A bill in the general assembly would allow for the creation of a localized Affordable Housing Trust Fund. Hereâ€™s why thatâ€™s essential.
Thumping heavy music blares over loudspeakers. The crowd in the small gymnasium grows louder. At the rear, a grim-faced man with a shaved head and tattoos emerges from the locker room. By all appearances, he has a bad attitude. He shadowboxes. He hops around a bit, then gets patted down before entering a black chain-link cage.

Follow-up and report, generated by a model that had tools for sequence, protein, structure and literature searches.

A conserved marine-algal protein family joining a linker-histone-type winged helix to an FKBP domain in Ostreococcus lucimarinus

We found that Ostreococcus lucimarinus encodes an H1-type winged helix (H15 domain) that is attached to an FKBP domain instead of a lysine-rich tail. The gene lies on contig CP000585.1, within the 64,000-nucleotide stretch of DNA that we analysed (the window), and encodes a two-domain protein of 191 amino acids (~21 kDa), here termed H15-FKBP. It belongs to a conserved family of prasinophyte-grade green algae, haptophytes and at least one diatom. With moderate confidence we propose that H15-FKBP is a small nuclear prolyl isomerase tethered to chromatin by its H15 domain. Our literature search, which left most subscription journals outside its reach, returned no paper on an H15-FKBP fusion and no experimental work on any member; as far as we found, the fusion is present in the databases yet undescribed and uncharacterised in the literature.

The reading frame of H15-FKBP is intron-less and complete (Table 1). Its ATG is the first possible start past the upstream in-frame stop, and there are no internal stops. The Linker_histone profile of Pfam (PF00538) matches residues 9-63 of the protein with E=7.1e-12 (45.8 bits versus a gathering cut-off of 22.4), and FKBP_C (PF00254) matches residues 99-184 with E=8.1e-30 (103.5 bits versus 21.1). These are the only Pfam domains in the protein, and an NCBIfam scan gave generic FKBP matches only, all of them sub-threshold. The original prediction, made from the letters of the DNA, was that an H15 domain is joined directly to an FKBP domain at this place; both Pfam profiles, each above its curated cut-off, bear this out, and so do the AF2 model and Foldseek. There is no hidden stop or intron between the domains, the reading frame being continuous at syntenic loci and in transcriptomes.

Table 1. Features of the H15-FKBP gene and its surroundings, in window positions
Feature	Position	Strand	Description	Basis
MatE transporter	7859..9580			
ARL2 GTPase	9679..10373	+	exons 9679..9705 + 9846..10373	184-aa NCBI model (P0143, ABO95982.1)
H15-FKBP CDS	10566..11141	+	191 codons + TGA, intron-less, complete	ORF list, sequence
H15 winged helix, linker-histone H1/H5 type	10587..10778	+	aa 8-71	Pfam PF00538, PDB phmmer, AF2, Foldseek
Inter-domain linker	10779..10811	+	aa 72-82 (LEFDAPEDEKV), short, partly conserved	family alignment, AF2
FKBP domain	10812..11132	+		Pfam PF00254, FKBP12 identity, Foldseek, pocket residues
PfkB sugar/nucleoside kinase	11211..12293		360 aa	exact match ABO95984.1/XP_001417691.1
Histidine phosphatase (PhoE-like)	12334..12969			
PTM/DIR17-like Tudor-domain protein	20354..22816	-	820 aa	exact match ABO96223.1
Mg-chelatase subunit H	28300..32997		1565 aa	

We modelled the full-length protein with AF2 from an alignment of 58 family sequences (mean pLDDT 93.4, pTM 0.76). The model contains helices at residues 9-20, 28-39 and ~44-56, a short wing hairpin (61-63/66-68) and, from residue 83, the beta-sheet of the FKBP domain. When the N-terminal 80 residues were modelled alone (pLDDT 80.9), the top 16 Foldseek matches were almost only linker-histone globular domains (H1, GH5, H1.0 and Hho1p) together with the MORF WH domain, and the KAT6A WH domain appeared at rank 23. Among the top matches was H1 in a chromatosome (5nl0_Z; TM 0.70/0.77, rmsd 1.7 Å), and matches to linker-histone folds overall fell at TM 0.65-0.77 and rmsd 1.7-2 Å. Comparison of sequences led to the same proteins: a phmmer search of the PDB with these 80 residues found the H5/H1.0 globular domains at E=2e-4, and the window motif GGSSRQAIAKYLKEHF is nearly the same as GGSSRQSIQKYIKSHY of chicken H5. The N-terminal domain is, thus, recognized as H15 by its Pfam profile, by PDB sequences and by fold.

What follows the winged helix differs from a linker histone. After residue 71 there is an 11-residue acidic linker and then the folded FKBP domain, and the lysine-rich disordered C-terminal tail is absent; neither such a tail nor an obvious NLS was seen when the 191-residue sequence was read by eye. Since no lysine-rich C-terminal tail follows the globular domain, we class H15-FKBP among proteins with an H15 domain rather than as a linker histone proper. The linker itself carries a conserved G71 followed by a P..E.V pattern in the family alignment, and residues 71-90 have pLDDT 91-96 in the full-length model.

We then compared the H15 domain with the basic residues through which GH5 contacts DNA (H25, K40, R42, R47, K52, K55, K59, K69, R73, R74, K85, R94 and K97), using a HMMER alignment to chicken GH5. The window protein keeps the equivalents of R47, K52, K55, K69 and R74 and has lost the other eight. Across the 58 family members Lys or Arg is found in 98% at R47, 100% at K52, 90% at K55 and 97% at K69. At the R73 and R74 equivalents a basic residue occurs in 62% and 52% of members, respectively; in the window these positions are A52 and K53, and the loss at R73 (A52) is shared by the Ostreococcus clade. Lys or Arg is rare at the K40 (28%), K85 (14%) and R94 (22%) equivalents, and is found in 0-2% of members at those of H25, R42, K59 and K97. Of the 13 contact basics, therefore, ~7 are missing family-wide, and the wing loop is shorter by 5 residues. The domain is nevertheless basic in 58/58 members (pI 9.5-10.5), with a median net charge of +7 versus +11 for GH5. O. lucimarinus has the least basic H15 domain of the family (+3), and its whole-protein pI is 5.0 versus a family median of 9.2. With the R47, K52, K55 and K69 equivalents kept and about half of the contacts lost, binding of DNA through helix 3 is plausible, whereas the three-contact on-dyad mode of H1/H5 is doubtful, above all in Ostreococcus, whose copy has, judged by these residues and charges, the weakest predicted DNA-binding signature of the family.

Special Events••Frazier Museum presents Noah Andre Trudeau, a chronicle of brave, colored troops in Civil War, Feb. 22, 7:30pm, $10 members, $12 adults, $5 students, 753-5663.Project ChildSafe promotes gun safety by distributing free gun locks, Feb. 22-24, 12-6pm, Dick’s Sporting Goods, 7900 Shelbyville Rd.; Feb. 25-26, 12-6pm, Kmart, 4025 Poplar Level Rd., www.projectchildsafe.org.Deer Park Baptist Church presents Tom Owen discussing “The Early Years of the Highlands,” Feb. 22, 6:30-7:30pm, 1733 Bardstown Rd., 235-3808.Kentucky Black Legislative Caucus celebrates black history month, Feb. 23, 12:30pm, State Capitol Rotunda, (800) 372-7181.••Choices, non-profit that helps homeless women and families, hosts annual Chili Cook-Off fundraiser, Feb. 25, 5-8pm, $5, Highland Baptist Church, 1001 Cherokee Rd., 387-6593.Downtown YMCA presents “Run to the Sun,” a 4-mile run/walk with lunch after the run, Feb. 25, 9am, 555 S. Second St., 587-6700.Kentucky Hemophilia Foundation presents the Ninth Annual Mardi Gras benefit ball, Feb. 25, 7pm-midnight, $80, $750 for eight, 1850 Taylor Ave. Suite #2, 456-3233 or (800) 582-CURE.Falls of the Ohio presents Winter Garden Fair, a wealth of how-to info for planting a thriving garden, Feb. 25, 10am-4pm, Interpretive Center, 201 W. Riverside Dr., (812) 280-9970.Big Brothers Big Sisters presents Kentuckiana Bowl for Kids’ Sake, Feb. 25-26, 1-3pm, Rose Bowl Lanes, 2217 Goldsmith Ln., 587-0494.West Broadway United Methodist Church offers chance to join re-enactment of Selma Civil Rights March, Feb. 26, 2-5pm, starting 28th & Broadway, ending at church with potluck after march, 772-1198.New Albany Public Library presents “The Library Has Gone to the Dogs,” meeting for dog lovers to keep your pet safe, photo submissions begin Feb. 27, presentation March 4, 1-4:30pm, Strassweg Aud., 180 W. Spring St., New Albany, (812) 944-8464.Leukemia and Lymphoma Society presents “Light the Night,” a fundraising dinner supporting cancer research, Feb. 27, 6:15 and 8:15pm, $10, dinner $12, Chick Inn Restaurant, 6325 Upper River Road, 228-7200.Clifton Center presents “Chocolate Dreams” fundraiser, pairs chocolate lovers with chefs’ creations, Feb. 27, 6-9pm, 2117 Payne St., 896-8480.UofL Debate Society presents public debate regarding the necessity of childcare services at UofL, March 1, 2-4pm, Strickler Middleton Aud., 852-0967.Falls of the Ohio Interpretive Center presents “Lewis & Clark: Mysteries of the West,” exhibit focuses on people and sites of famous expedition, thru March 28, free w/ admission, (812) 280-9970.